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Marie Curie

Marie Curie (birth name Maria Sklodowska) was born on the 7th of November 1867 in Warsaw, Poland and died on the 4th of July 1934. She was one of the world's most talented and famous physicists and chemists. She was also the first woman professor at the Sorbonne.

Her childhood was marked by the loss of her sister and mother. When she was 24 years old she decided to leave to Paris in order to study science. Her parents were both teachers. She became an important scientist and finally she obtained the French nationality. She was so dedicated to her work that she sometimes forgot to eat and even sleep in order to study more.

Because of the Polish 1863 Uprising against Tsarist Russia, she wasn't allowed to attend a regular university so she had to work as a private tutor. This time she was attending Warsaw's illegal Floating University. Later she attended Sorbonne and studied there mathematics, physics and chemistry.

She got a master's degree in mathematics and a Doctor of Science from Ecole Superieure de Physique et de Chimie Industrielles de la Ville de Paris.
By the time she reached all that she was the first woman who had ever done it.
She decided to marry Pierre Curie, an instructor at Sorbonne. In 1898 she and her husband announced they discovered the existence of an unknown radioactive substance. The couple also discovered two chemical elements, polonium and radium. In 1903 and 1911 she received the Nobel Awards for Physics and Chemistry. The doctors diagnosed her with depression and a kidney ailment in 1911 one month after receiving the Nobel Prize.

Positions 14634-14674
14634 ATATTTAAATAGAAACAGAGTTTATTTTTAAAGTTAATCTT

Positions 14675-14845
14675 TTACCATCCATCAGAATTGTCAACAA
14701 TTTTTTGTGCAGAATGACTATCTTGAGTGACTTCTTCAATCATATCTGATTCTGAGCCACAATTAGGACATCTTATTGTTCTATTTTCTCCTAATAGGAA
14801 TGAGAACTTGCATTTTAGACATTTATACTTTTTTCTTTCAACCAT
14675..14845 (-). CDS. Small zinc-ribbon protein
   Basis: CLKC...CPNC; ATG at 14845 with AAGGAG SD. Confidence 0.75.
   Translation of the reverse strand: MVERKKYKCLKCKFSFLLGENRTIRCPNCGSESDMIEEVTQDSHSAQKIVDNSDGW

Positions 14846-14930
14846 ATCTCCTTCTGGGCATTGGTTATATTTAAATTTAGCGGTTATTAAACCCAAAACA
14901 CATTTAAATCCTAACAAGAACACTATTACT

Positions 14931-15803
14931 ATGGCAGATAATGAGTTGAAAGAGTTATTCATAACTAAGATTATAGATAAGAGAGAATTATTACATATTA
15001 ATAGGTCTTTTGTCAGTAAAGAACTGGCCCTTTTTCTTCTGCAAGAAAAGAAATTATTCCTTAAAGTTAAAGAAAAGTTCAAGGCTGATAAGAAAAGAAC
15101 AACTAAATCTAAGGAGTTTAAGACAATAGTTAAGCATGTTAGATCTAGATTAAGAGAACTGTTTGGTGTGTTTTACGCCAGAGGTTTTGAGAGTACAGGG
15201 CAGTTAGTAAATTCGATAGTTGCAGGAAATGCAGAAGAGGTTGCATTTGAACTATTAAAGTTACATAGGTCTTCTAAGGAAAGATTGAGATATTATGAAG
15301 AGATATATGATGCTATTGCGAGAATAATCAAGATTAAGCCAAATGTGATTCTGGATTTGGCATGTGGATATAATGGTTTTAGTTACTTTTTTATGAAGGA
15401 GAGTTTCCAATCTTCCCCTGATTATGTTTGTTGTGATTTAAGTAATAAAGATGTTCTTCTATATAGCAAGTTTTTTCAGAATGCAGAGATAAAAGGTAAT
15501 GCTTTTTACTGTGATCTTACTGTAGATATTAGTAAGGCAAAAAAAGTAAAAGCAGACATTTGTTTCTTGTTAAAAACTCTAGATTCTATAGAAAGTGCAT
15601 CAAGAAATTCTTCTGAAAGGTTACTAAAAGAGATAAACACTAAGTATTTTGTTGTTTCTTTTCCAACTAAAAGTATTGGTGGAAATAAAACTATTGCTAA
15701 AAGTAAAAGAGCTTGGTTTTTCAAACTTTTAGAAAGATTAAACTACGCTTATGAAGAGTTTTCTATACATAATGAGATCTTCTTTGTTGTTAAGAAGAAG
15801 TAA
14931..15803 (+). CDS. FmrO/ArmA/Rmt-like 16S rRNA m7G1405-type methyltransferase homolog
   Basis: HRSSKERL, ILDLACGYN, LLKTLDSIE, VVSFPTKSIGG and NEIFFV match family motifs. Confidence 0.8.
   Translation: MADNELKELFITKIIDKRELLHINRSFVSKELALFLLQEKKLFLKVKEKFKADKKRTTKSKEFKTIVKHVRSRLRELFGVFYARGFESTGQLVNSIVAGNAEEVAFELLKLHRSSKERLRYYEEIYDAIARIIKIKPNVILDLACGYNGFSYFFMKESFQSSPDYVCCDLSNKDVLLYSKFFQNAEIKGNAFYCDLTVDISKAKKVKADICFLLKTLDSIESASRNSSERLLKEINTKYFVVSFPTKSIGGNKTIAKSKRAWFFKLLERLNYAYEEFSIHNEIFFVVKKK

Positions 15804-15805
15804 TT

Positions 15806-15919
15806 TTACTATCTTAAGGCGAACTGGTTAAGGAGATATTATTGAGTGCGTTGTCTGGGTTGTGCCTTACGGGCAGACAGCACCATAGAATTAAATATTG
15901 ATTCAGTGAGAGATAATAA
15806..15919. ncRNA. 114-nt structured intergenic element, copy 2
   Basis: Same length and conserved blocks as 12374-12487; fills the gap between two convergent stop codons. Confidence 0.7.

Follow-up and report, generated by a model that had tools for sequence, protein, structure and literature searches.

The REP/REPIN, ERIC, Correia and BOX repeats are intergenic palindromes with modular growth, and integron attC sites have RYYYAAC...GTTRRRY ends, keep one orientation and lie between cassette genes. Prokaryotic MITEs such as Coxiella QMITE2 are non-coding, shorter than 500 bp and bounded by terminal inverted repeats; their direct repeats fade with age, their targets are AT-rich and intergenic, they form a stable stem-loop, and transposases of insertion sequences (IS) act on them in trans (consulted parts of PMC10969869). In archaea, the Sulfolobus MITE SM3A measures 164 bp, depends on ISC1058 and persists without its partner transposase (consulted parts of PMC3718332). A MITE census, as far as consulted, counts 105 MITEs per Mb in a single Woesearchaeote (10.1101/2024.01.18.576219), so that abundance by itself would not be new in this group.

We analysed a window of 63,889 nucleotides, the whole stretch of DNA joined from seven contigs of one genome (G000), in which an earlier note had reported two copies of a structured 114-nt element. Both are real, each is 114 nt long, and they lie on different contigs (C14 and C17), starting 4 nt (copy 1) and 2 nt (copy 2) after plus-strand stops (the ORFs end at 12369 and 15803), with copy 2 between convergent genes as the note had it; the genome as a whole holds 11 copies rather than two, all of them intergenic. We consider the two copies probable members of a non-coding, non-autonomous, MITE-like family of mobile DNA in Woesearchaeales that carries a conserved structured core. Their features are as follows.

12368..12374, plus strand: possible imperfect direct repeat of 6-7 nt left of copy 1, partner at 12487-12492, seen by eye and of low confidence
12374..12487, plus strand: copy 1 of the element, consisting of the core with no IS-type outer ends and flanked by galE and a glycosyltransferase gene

No one except her has ever won two Nobel awards.

In 1906 unfortunately her husband died. Since then she had a married man, physicist Paul Langevin, and was somehow involved in a scandal.

In 1929 she travelled to the United States where she tried to raise funds for research on radium. She was the head of the Pasteur Institute and a radioactivity laboratory created for her by the University of Paris in her late years.

On the 4th of July 1934 she died of aplastic anemia probably due to her exposure to radiation. At first she was buried at the cemetery in Sceaux along her husband, but later the couple was moved to the Pantheon in Paris.

Awards: - 1903 Nobel Prize for Physics - 1903 Davy Medal - 1904 Matteucci Medal - 1911 Nobel Prize for Chemistry